Kabbyanga, Mugasha Among Delegates Confirmed to Attend the Digital Government Africa Summit

Hon. Kabbyanga Godfery, Minister of State for National Guidance speaking at the Data Privacy conference in Uganda. Hon. Kabbyanga Godfery, Minister of State for National Guidance speaking at the Data Privacy conference in Uganda.
<center>Hon. Kabbyanga Godfery, Minister of State for National Guidance speaking at the Data Privacy conference in Uganda. FILE PHOTO</center>

Hon. Kabbyanga Godfrey Baluku; State Minister for ICT — National Guidance, and Collin Mugasha; Director of e-Government Services at NITA Uganda are among the confirmed heads of delegation attending the 2023 Digital Government Africa Summit in Lusaka, Zambia from 4-6, October.

So far 34 delegates from Angola, Cameroon, Ethiopia, Eswatini, Ghana, Kenya, Lesotho, Madagascar, Nambia, Rwanda, Senegal, Seychelles, Sierra Leone, Somalia, South Sudan, Tanzania, the Democratic Republic of the Congo (DRC), Uganda, Zambia, and Zimbabwe have been confirmed to attend the summit.

“We believe that technology will be a major catalyst for economic growth, development, and transformation,” said H.E. Hakainde Hichilema — President of the Republic of Zambia. “My friends in the tech space, feel free to engage us with your ideas.”


The summit will bring together industry solution providers in the digital space, technology leaders, and senior government officials to discuss everything digital transformation. The Office of the President (Zambia) along with the Ministers of Home Affairs & Internal Security and Technology & Science are inviting their ministerial counterparts from across Africa to attend and take part in the summit.

Collin Mugasha. FILE PHOTO

The summit is the official ministerial pan-African summit, aligned with the roll-out of national electronic government plans across Africa. African countries are implementing programs to ensure they have a robust digital government infrastructure to improve the ease of doing business and to deliver more efficient public services.

Digital transformation is accelerating across Africa with 19 of the fastest 20 growing countries in the world and an internet economy expected to reach USD$180 billion by 2025, accounting for 5.2% of the continent’s GDP, according to the International Finance Corporation. Policymakers are determined to ensure that no one is left behind in e-government and the process of digitalization, with most African countries having a national digital government strategy — along with legislation for cybersecurity, data protection, and e-participation.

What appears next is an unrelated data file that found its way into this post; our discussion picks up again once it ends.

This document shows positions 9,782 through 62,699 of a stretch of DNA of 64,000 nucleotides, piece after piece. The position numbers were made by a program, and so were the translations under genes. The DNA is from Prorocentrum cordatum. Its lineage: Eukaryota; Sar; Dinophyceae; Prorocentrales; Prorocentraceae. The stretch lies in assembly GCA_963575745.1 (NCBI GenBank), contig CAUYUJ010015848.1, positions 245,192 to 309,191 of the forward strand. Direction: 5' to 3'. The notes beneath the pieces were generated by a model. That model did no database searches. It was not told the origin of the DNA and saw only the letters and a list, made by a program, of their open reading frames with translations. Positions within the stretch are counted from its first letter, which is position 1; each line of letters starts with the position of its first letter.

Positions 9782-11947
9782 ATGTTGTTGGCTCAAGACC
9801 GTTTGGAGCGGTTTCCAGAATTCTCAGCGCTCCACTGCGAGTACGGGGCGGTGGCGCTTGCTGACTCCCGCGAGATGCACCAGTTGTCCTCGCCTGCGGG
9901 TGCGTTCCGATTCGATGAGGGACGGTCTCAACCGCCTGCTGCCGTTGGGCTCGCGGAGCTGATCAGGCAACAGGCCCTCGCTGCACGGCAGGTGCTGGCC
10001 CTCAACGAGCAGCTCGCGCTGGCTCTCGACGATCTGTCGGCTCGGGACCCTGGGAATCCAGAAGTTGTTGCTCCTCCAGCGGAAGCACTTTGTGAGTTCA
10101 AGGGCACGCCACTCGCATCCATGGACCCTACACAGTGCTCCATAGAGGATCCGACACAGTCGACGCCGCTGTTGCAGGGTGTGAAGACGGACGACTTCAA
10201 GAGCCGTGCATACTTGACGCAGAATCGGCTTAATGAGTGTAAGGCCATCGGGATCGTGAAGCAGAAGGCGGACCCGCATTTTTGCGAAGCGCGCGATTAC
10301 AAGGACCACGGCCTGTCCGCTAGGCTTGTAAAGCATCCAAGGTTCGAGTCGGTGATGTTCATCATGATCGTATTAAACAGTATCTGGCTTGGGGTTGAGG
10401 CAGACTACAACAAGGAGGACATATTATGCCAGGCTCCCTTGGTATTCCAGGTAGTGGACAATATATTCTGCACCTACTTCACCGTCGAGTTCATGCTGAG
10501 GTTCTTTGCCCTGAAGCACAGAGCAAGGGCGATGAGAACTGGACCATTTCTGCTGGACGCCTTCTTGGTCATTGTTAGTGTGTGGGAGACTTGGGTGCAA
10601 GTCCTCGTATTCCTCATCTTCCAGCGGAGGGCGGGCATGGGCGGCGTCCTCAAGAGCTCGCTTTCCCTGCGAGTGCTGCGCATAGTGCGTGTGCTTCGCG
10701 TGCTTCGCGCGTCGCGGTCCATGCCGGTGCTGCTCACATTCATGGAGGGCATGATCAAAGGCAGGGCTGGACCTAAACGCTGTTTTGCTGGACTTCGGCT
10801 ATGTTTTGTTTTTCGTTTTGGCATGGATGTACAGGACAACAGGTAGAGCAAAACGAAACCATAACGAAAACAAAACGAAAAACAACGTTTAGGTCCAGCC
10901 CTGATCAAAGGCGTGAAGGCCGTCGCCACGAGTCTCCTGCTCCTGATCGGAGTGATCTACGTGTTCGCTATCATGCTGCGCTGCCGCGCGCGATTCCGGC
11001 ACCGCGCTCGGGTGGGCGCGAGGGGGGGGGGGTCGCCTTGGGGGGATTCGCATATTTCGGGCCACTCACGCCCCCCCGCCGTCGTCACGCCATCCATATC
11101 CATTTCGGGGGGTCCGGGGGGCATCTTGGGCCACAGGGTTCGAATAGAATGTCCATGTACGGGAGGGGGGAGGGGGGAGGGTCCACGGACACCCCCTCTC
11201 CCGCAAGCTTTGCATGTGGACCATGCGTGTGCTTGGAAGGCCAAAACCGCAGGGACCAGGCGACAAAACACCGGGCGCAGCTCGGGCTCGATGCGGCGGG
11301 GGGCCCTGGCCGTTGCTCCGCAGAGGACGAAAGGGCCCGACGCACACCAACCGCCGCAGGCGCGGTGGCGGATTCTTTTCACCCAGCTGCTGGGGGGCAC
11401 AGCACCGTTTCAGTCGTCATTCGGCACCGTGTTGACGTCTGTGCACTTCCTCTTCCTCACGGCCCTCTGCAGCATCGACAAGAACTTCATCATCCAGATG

The 2023 Digital Government Africa Summit is hosted by the Government of Zambia in partnership with AfricanBrains, the organizers of Africa’s leading ICT for education event — Innovation Africa.


e-Government Development in Africa

Digital government has reached a critical point. It is an integral aspect of the physical functioning of public institutions and service delivery. It is imperative that digital government, including e-services and e-participation, be designed in a way that strengthens trust in Governments and public institutions.

Several African countries have improved their telecommunications infrastructure, however, e-government development efforts require the cost of mobile broadband to come down. The acceleration of digitalization in the private sector has raised people’s expectations for more effective public service delivery. African governments are now having to be more innovative, resourceful, and effective and to contribute proactively to the digital transformation.

Digitalization trends in Africa are positive overall. Fixed broadband subscriptions have jumped 48 percent since 2020, rising from 1.80 to 2.67 per 100 inhabitants. Survey results for 2022 indicate that 33 percent of the region’s residents use the Internet, 42.8 percent are active mobile broadband subscribers, and 83.7 percent have mobile cellular telephone subscriptions [source: ITU].

Engaging With The Private Sector — Advantage Africa

The private sector has been at the forefront of digital transformation for several years. The private sector has raised the bar on the customer experience, and the public sector is expected to keep up.

Budget issues constitute a challenge for all countries; African countries must decide how to address development priorities with limited resources, and developed countries are locked into spending billions of dollars to maintain massive but largely obsolete “legacy systems”. For example, the US Government still spends 70 percent of its $100 billion IT budget to support legacy systems, some of dating back to the 1970s.

This represents an advantage to many African countries that simply do not have the legacy systems that eat into the public sector budget for digitization. We are now seeing African countries embrace a culture of innovation, breaking down silos and improving collaboration between departments.

For optimal digital integration and development, African governments are looking to work with private enterprises that can demonstrate the benefits of comprehensive digital integration.